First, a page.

If you have large lawns with rough terrain, using a zero-turn riding mower is a general rule you can’t ignore. However, no matter how useful these machines are for cutting grass on flat ground, the real question is—are zero-turn mowers good on hills?
From my extensive experience in lawn care, let me share some essential tips to ensure both safety and efficiency when taking a zero-turn mower to the hills.
Can Zero-Turn Mowers Be Used Safely on Hills?
Yes, you can use a zero-turn mower on hilly terrain. However, if you plan to mow on a very steep slope, that’s when you’ll encounter some problems.
Although zero-turn mowers are known to have good tractions, this perk is only applicable on a flat surface. You may lose traction if your lawn mowers need to handle hills that’ll cause the unit to tilt at more than 15-degree angles.
But regardless of that, I assure you that it’s possible to use ride-on mowers on steep hills. The key lies in correct and judicious use. Let me walk you through how I’ve done it.
Conditions for Operating a Zero-Turn Mower on a Hill
Regardless of mowing equipment, some newbie users tend to think that going uphill means you have to increase speed. In fact, zero-turn mowers are popular for their high-speed features.
However, getting good traction is impossible if you’re driving at an all-out speed, especially when navigating steeper inclines.
If you’re determined to mow at high speeds under such conditions, I’d wager that the rear brakes of your cutting deck might begin to skid, potentially tearing up the turf. Another risk you’d face is the mower tipping over, as maintaining control over the wheels becomes increasingly difficult.
Only Mow When it’s Dry
Whether you own a zero-turn mower or a traditional push mower, we all know that mowing wet grass could leave a mess on both the mower deck and tires. In addition to the hassle of cleaning it, these damp grass clipping could form a clump and leave damage to the mower if not cleaned properly.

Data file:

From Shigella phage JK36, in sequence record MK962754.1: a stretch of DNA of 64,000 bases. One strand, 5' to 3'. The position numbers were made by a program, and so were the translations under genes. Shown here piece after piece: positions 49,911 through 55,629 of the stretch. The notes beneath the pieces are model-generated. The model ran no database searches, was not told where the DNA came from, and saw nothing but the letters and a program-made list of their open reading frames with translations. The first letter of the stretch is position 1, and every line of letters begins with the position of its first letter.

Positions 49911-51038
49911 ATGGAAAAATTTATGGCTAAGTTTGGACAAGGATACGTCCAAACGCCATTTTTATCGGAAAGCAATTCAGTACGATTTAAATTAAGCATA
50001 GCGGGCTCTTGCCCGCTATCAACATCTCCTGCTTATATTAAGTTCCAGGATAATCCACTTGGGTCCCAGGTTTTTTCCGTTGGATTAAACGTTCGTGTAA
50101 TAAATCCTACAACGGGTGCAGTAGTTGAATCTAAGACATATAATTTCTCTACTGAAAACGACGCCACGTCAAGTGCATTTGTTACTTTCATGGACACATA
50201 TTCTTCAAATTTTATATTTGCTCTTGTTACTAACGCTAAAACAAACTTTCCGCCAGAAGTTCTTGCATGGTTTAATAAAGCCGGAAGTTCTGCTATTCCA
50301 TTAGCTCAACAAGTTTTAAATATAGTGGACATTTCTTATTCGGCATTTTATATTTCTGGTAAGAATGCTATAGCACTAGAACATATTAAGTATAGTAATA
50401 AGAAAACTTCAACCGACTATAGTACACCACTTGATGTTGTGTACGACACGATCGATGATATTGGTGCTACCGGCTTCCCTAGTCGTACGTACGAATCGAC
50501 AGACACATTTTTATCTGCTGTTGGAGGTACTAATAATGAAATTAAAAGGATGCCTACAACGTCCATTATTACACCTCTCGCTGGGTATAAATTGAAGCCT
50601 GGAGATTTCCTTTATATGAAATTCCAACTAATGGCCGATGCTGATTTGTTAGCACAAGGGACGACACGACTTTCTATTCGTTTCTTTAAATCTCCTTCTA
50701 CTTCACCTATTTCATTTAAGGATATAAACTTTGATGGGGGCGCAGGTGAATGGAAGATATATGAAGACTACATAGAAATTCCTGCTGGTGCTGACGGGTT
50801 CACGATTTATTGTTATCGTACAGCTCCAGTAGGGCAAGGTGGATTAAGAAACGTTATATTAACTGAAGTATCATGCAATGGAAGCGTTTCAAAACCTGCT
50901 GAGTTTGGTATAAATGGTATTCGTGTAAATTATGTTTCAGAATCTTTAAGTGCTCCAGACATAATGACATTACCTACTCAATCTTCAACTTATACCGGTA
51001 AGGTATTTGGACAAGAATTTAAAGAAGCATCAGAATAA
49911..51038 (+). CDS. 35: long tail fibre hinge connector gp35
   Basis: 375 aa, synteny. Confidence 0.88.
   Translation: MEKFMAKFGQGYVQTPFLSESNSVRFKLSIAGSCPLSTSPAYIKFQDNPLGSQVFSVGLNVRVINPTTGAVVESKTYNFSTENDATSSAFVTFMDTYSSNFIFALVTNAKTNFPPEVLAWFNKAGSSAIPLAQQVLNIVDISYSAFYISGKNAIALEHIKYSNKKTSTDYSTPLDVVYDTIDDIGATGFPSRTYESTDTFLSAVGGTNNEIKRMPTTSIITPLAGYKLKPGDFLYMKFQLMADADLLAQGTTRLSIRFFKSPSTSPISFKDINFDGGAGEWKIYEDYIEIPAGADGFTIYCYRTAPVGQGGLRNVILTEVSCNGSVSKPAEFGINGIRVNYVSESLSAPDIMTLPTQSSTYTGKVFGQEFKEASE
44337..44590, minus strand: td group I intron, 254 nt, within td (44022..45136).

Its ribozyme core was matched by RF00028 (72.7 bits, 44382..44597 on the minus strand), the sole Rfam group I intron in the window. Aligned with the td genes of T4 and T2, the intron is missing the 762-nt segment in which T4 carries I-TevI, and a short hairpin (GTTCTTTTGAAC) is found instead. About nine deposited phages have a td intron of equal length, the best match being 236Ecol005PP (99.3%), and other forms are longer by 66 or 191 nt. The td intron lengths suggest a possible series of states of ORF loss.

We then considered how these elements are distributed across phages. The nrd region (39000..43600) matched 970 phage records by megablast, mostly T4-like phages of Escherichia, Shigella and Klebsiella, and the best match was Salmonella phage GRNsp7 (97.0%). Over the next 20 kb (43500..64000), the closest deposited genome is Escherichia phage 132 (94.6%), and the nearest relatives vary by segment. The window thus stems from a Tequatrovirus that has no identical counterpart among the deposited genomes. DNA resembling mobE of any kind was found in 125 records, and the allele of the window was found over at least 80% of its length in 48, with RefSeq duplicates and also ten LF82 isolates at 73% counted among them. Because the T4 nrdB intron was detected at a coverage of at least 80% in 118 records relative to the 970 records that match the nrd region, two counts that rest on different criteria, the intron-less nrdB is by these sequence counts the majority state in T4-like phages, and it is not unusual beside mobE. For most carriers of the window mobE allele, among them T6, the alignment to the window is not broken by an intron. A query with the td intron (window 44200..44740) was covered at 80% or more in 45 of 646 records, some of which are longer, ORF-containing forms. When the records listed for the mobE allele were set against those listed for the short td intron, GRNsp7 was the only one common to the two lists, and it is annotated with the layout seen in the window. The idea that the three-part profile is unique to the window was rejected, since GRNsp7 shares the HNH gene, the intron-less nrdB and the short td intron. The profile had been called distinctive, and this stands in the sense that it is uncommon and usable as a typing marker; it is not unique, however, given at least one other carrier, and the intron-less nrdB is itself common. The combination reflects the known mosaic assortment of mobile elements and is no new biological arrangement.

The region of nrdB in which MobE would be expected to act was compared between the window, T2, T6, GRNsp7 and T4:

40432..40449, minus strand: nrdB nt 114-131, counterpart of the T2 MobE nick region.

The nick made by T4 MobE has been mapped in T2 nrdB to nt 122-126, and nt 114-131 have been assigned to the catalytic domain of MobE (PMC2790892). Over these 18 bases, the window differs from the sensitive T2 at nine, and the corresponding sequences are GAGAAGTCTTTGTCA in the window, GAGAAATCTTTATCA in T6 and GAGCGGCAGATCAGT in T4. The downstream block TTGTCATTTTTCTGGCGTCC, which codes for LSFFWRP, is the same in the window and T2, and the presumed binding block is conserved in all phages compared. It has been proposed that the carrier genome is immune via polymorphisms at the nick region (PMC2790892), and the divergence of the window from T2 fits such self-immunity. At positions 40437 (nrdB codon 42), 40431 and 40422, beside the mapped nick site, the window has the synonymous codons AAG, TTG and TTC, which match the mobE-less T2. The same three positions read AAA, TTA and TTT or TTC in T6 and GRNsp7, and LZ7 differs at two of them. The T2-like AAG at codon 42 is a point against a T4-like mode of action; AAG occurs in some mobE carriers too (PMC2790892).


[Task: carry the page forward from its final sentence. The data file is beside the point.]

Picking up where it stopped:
Moreover, it’s no secret that rubber wheels don’t perform well in wet conditions, especially on hills. Wet surfaces also don’t offer the best traction for your mower. And let’s not forget that dried grass fields are easier to cut evenly than wet ones.
Make Turns Cautiously
True to its name, making swift zero-turns are the main selling point of zero-turn mowers. However, you don’t need a rocket science degree to know things could go wrong with your mower when you carelessly do sharp turns on hills.
Besides the possibility of your zero-turn mower losing traction, making a sharp turn could cause the tool to tip. If you ask me, it’s still best to make gradual turns before doing a second pass with your zero-turn mower.
Use Good Quality Tires
The secret to handling zero-turn mowers effectively on hills lies largely in the tires. Given that most zero-turn mowers sport sizable rear wheels, it’s vital to ensure they’re in top shape. I’ve noticed over the years that mowers with wider tires tend to perform better when climbing hills.
You may not know, but your mower wheels need to be properly inflated  if you want them to power through complex terrain. Also, that’s one of the reasons why some zero-turn mowers aren’t working on one side.
How to Operate Zero-Turn Mowers on Hills or Slopes
Mow Side to Side
Are you finding it hard to control your zero-turn mower when climbing up and down the hills? Then, the best you can do is do the side-by-side mowing.